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Concerts to Aid Artists' Rights Group

The Eagles, Billy Joel, No Doubt, the Dixie Chicks, Eddie Vedder and others are playing a series of benefit concerts the night before Wednesday’s Grammy Awards for a unique cause: each other.

The four Los Angeles concerts Tuesday, to benefit the Recording Artists Coalition, represent a shot across the bow of the recording industry from the people whose work it markets.

The artists are demanding new relations with record labels, including fairer contracts and more oversight of accounting practices.

“It’s time that the artistic community grows up,” said singer Don Henley, who urged artists not to ignore the business of music. “Artists have failed to realize what a profound effect the legislative process has, not only on their livelihood but the fate of their creative works.”

The protest concerts come during the recording industry’s toughest sales period since the post-disco bust two decades ago. At the same time, the labels are struggling to find a way to respond to the free downloading of music on the Internet.

The artists’ coalition was actually born two years ago during a battle in Washington over a change in copyright law. Henley, Sheryl Crow and others successfuly fought the change, which they believed would make it impossible for musicians to own their recordings.

Their opponent was the Recording Industry Association of America, the lobbying arm of record companies. Henley had supported the association before Congress in the past, but in recent years he finds the interests of record companies and artists more often at odds.

This time, the coalition is fighting to change a California law that prevents recording artists from terminating contracts after seven years. It also wants to be a watchdog for musicians as the digital era changes the way music is distributed.

And smelling vulnerability in the wake of the Enron case, Henley wants to hold hearings on record company accounting practices.

Henley’s hope is to make the artists’ coalition a trade group on par with the RIAA, an effort he concedes is going to take far more money than Tuesday’s shows can raise.

While each show has an impressive lineup, conspicuously absent are any rap, R&B or Latin artists – a sign of the trouble Henley has had increasing the coalition’s ranks beyond its current 140 members.

“It’s like pulling teeth,” he said. “The response that we’ve had has been alright, but it could certainly be better. We want everybody, every artist that is signed to a professional recording agreement, to join.”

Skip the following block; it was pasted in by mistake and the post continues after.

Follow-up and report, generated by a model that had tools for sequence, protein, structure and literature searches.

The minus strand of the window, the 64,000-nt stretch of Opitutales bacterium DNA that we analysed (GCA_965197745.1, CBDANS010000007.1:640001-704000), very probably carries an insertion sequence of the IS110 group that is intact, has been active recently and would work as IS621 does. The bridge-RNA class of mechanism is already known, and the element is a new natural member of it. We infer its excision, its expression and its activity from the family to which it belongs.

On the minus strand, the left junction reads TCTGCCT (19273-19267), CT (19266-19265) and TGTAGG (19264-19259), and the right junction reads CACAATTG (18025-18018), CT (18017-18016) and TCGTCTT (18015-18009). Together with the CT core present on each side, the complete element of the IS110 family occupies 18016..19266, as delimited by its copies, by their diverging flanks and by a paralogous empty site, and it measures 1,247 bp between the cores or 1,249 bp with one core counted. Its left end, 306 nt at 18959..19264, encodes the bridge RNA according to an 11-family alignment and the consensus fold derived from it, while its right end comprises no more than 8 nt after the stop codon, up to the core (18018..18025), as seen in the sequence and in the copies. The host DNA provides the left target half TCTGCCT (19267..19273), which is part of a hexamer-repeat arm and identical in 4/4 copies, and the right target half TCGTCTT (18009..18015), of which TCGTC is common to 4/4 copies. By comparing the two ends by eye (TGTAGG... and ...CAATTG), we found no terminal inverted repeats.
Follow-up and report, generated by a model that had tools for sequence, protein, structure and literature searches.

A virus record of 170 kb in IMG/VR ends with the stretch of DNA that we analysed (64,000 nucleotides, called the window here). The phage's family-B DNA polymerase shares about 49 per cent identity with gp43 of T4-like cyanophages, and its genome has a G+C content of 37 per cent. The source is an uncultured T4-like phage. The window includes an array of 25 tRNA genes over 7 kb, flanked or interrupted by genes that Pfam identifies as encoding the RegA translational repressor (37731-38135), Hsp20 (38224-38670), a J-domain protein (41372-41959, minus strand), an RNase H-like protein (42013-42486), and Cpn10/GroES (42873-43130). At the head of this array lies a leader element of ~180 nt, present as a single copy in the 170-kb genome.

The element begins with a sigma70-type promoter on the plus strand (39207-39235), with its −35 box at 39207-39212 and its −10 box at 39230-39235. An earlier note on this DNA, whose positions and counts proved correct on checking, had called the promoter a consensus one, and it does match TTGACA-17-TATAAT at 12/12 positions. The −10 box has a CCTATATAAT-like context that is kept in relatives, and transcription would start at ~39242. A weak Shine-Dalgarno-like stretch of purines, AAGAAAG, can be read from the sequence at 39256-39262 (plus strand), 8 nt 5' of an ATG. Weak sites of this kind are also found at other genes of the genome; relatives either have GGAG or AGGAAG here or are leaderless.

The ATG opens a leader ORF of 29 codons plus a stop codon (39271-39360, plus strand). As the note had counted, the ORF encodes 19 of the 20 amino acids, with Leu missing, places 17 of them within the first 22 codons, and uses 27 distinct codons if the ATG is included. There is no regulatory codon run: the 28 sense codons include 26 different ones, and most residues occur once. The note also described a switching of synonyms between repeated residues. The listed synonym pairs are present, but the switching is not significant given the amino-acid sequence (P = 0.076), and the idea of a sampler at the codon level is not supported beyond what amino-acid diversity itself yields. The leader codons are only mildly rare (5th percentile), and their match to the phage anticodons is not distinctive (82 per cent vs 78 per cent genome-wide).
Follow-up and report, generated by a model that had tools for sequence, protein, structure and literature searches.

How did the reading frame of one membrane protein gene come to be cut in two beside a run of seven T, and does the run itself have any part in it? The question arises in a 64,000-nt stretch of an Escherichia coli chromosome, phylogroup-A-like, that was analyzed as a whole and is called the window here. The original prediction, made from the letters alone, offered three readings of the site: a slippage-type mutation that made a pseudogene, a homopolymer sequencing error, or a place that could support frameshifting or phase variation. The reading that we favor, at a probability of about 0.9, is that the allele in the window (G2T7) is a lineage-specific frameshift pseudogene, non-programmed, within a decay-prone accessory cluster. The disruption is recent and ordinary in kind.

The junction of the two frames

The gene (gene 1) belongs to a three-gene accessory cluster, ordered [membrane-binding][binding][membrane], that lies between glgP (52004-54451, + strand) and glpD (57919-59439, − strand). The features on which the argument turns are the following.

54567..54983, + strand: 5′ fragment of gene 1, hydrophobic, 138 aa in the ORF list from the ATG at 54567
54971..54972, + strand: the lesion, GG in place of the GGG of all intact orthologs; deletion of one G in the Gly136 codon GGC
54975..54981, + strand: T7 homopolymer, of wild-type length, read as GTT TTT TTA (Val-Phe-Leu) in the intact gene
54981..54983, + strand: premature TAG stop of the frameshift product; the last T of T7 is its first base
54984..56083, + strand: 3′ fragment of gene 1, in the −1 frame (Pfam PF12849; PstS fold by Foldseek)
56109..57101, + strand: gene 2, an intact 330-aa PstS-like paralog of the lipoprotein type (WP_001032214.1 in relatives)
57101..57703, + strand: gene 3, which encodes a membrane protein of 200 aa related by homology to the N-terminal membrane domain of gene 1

The coalition frightens some music executives and angers others, Henley said.

Val Azzoli, co-chairman of The Atlantic Group of record labels, said he resents some of the successful artists involved in the coalition. Henley’s band, the Eagles, is among the biggest sellers in rock history.

Azzoli said the recording industry is much more equitable than it was in the past.

“If you have a hit album, you have more rights than you deserve,” he said. “If you have a hit album, you call the shots. We’re just servants.”

Besides, the group’s timing couldn’t be worse, he said.

The RIAA released statistics Monday saying there was a 10 percent decline last year in the number of CDs and other music shipped to merchants from the year before.

“Our timing couldn’t be better,” Henley countered. “You think they’re going to do something for us when times are good? We’ve tried to reason with them in times of prosperity. They really don’t listen then.”

He argued that fans could benefit if artists had more say in how music is priced and distributed. And he really gets burned up when people complain about rich rock stars fighting for more rights. He said that’s done to deflect attention from real issues.

Ten minutes after a telephone interview ends, Henley calls back to address the same question.

“They talk as if we were born rich,” he said. “I did well through hard work and dedication. So did most of my peers. If they paid us what they were supposed to pay us, we’d have a hell of a lot more money than we have now.”

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